Personally, I think the conventions as we understand them today were actually created by Ann Radcliffe in The Mysteries of Udolpho (1794). This is one of my favourite books and gathers together all the essential gothic elements: imprisoned heroine prone to fainting at the most frustrating moments, shifty relatives plotting after an inheritance, gobby but superstitious maidservants, isolated European castles, moonlit flits through pine forests, candlelabras, secret passages, hysterical fear of Catholicism, and a ridiculously convoluted, top heavy plot that is hastily (and unconvincingly) explained away in the last two pages. Ignore any minor flaws, Radcliffe is the mistress of suspense! The Italian (1797) is more of the wonderful same, and also see earlier works The Romance Of The Forest (1791) (great title!), A Sicillian Romance (1790) and The Castles of Athlin and Dumbayne (1789).
The Monk (MG Lewis, 1796) was imagined as a direct response to Udolpho and, in that it seems to have been written with the aim of annoying as many people as possible, can probably claim the status of being the first 'punk' book. In contrast to Radcliffe's romantic and rationalised approach, Lewis exploits the Gothic format for all the sex and violence implicit within the format.
Even more outrageous is that naughty Marquis De Sade. Justine (1791) is funny, horrible, absurd, and it makes you think too. 120 Days of Sodom is pretty much unreadable, although excusably Sade was imprisoned in the Bastille at the time of writing, and at least deserves credit for using toilet paper as pages for the book, whereas with many books the reverse process is advisable.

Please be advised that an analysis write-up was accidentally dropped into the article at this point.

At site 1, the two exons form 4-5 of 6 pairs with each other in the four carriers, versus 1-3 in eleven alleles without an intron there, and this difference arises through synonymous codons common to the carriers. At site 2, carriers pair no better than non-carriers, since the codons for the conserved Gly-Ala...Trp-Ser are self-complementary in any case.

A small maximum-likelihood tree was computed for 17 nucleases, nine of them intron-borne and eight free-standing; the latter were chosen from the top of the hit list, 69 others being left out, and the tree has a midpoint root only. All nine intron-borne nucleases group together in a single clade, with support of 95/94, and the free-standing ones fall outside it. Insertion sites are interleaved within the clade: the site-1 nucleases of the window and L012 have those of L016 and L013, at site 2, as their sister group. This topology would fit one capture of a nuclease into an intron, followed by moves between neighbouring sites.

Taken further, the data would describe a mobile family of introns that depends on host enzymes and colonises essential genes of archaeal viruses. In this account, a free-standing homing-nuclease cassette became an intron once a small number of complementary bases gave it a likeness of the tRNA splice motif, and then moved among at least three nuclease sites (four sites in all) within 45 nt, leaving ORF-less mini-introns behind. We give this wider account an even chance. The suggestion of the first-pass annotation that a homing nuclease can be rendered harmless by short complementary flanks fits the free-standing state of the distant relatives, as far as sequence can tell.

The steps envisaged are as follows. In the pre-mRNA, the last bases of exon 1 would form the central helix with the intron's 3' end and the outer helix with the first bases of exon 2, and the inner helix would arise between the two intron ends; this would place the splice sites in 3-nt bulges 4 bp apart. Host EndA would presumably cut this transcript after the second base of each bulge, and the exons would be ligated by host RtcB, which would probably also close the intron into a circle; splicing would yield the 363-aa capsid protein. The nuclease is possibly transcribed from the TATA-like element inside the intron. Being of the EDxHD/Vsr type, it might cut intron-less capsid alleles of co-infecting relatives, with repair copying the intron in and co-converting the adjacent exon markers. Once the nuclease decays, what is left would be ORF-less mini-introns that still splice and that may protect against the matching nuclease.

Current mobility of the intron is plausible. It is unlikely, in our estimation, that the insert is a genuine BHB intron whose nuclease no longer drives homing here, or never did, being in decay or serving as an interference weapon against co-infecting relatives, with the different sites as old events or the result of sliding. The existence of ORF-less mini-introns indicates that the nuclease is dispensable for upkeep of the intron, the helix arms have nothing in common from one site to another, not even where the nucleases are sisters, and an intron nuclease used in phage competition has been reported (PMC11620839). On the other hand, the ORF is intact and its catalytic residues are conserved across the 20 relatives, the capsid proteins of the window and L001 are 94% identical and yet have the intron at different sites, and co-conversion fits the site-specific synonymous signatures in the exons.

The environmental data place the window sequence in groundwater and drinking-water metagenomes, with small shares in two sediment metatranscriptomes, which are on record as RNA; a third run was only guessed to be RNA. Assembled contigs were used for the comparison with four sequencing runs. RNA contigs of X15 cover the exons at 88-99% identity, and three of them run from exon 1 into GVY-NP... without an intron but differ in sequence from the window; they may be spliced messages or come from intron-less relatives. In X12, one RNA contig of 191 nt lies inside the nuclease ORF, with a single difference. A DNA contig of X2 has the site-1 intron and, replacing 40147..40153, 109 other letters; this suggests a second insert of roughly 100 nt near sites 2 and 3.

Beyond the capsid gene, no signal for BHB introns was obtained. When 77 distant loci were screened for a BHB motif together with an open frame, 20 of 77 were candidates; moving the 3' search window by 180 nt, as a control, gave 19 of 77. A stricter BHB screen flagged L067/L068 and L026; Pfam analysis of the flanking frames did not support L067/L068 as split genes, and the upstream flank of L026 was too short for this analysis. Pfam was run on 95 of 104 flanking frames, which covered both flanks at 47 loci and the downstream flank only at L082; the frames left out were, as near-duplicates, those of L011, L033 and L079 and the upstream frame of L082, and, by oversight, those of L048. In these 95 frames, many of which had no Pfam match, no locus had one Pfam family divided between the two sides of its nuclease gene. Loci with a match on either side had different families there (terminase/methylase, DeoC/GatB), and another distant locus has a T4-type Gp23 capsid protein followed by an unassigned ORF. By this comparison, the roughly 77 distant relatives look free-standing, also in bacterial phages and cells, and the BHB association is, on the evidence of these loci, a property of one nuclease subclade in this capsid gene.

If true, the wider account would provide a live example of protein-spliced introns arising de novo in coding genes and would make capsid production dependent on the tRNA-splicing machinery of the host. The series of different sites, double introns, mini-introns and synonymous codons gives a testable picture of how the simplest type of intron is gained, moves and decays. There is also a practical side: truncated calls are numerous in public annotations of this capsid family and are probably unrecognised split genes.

Caleb Williams (William Godwin, 1794) is non-supernatural, more concerned with political injustice and man's inhumanity to man, yet still effectively borrows the gothic trappings for its obsessive narrative of persecution.
Godwin is, of course, father to Mary Shelley, whose masterpiece Frankenstein (1817) is open to any number of interpretations. Other impressive works by Mary are the short story 'Mathilda' (1819) an explicit confrontation of incest still shocking today, and The Last Man (1826), a slow but rewarding apocalyptic novel. Her diaries are worth a read too.
Mary was, of course, married to Percy Shelley, who wrote lost of brilliant poems like Mutability, Alastor or The Spirit of Solitude, Hymn to Intellectual Beauty, Ode to the West Wind, Prometheus Unbound and Adonais, all written between 1816 and his drowning in 1822.
Adonais was, of course, written about John Keats, who also wrote lots of good poems, including Endymion (1817), The Eve of St Agnes (1819), La Belle Dame Sans Merci (1819), Ode to a Nightingale (1819) and Lamia (1819) and also died young.
Present at the Villa Diodati when Frankenstein was conceived were Lord Byron (who wrote Childe Harold's Pilgrimage 1812/18, Manfred 1816, Don Juan 1818/23) and John Polidori, who wrote The Vampyre (1819). This is the first modern vampire story, transforming the creature from the pestilent beast of folklore into the suave, Byronic anti-hero that remains prevalent today.
Other important poets/poems of this era are ST Coleridge (The Rime of the Ancient Mariner 1797, Kubla Khan 1797, Christabel 1797, Frost at Midnight 1797, Dejection: An Ode 1802), William Wordsworth (Lyrical Ballads 1798, The Prelude 1798-), William Blake, Robert Burns (eg. 'Tam O'Shanter'). All of the above were influenced to some degree by John Milton's Paradise Lost (1667).
Melmoth The Wanderer (Charles Maturin, 1820) is another 'Catholic paranoia' novel, concerning the Spanish Inquisition, and has an incredibly lopsided structure (flashbacks inside of flashbacks, that kind of thing), but nevertheless succeeds in being one of the most intense books I have ever read. This achievement is rivaled by James Hogg's Confessions of a Justified Sinner (1824), a great Doppelganger story. A close third in intensity is the short story 'The Sandman' (1815) by ETA Hoffman.